Four days of steady rain and winds blowing at 65 km an hour. You look out the shuttered windows and all you see is sheets of rain and mist. In the garden the neem tree has fallen and the sankeshwar with its bright orange flowers is partially uprooted. Elsewhere coconut trees have fallen and casuarinas. Tiled roofs have broken. The electricity comes and goes, and then stays away a long time. The phone has a dial tone, but cannot connect with the outside world. On the advice of the phone guy, it lies like a baby wrapped warmly in a blanket to coax it back into life. The roof drips.
Everywhere is a great salty dampness. It seeps into all your possessions. A few books have mildew already. The wooden furniture is damp and mildewy. Wet clothes flap eternally in the veranda. The sugar in its plastic container is slowly becoming syrup. The glass shelf which holds it has a patina of moisture. You wait for the computer to conk.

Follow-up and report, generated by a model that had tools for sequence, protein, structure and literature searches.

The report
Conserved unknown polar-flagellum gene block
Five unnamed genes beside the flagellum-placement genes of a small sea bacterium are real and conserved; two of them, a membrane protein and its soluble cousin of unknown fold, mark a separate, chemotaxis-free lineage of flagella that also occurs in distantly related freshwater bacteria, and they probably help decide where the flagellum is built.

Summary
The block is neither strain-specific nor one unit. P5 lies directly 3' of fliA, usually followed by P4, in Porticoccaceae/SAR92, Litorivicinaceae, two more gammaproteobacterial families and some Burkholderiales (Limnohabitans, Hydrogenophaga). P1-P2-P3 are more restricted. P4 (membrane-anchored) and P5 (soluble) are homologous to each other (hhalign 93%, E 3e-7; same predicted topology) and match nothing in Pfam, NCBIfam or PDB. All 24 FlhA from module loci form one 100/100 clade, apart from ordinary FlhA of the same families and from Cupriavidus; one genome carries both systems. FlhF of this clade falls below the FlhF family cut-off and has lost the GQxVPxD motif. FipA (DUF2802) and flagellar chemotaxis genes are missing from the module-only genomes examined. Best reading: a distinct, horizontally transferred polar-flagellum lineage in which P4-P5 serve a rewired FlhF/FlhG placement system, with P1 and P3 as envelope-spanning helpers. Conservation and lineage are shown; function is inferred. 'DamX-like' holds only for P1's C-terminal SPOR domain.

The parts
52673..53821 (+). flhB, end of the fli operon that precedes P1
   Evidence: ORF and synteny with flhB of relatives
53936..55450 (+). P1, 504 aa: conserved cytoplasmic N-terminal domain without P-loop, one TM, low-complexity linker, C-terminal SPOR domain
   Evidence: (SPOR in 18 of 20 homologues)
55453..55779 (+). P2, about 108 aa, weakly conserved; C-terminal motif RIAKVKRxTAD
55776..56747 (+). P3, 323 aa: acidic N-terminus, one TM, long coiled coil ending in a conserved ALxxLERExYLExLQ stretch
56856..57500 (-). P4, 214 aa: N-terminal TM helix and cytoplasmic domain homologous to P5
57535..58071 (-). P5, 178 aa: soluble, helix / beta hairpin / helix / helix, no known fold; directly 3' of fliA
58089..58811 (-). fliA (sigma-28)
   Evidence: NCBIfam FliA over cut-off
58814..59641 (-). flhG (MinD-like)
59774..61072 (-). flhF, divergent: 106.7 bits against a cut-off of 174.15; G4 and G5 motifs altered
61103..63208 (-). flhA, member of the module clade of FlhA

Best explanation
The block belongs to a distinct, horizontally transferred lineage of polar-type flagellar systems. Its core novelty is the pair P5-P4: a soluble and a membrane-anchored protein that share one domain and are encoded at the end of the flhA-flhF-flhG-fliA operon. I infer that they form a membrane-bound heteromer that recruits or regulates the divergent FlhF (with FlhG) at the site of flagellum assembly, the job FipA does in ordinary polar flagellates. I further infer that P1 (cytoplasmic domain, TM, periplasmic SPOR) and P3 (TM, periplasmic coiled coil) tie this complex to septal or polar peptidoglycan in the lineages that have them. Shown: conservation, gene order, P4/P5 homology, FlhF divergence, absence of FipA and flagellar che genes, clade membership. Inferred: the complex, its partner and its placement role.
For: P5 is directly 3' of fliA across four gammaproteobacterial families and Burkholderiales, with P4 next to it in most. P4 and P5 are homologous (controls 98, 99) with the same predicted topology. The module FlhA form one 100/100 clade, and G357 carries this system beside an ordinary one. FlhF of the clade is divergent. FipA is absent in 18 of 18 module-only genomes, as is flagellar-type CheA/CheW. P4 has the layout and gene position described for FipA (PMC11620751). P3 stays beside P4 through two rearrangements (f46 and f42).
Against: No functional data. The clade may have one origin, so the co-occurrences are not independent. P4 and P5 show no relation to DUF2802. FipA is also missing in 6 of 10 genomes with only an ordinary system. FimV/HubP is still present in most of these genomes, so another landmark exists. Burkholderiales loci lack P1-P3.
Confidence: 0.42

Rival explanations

You dare not step out of the house with something as ineffective as an umbrella. You try it a couple of times and find the umbrella turns itself inside out. You fear that like Mary Poppins you will simply fly away, holding onto the handle.
When the thunder of the rain beating down on your roof lessens, you can hear the thunder of the angry sea less than half a mile away.
Food supplies are low. You eat rice and dal and potatoes and homemade bread. And more potatoes and rice and bread. You dream of fresh fruit.
You dream of sunshine and golden beaches and blue seas.
You are stranded on a desert island in the monsoons.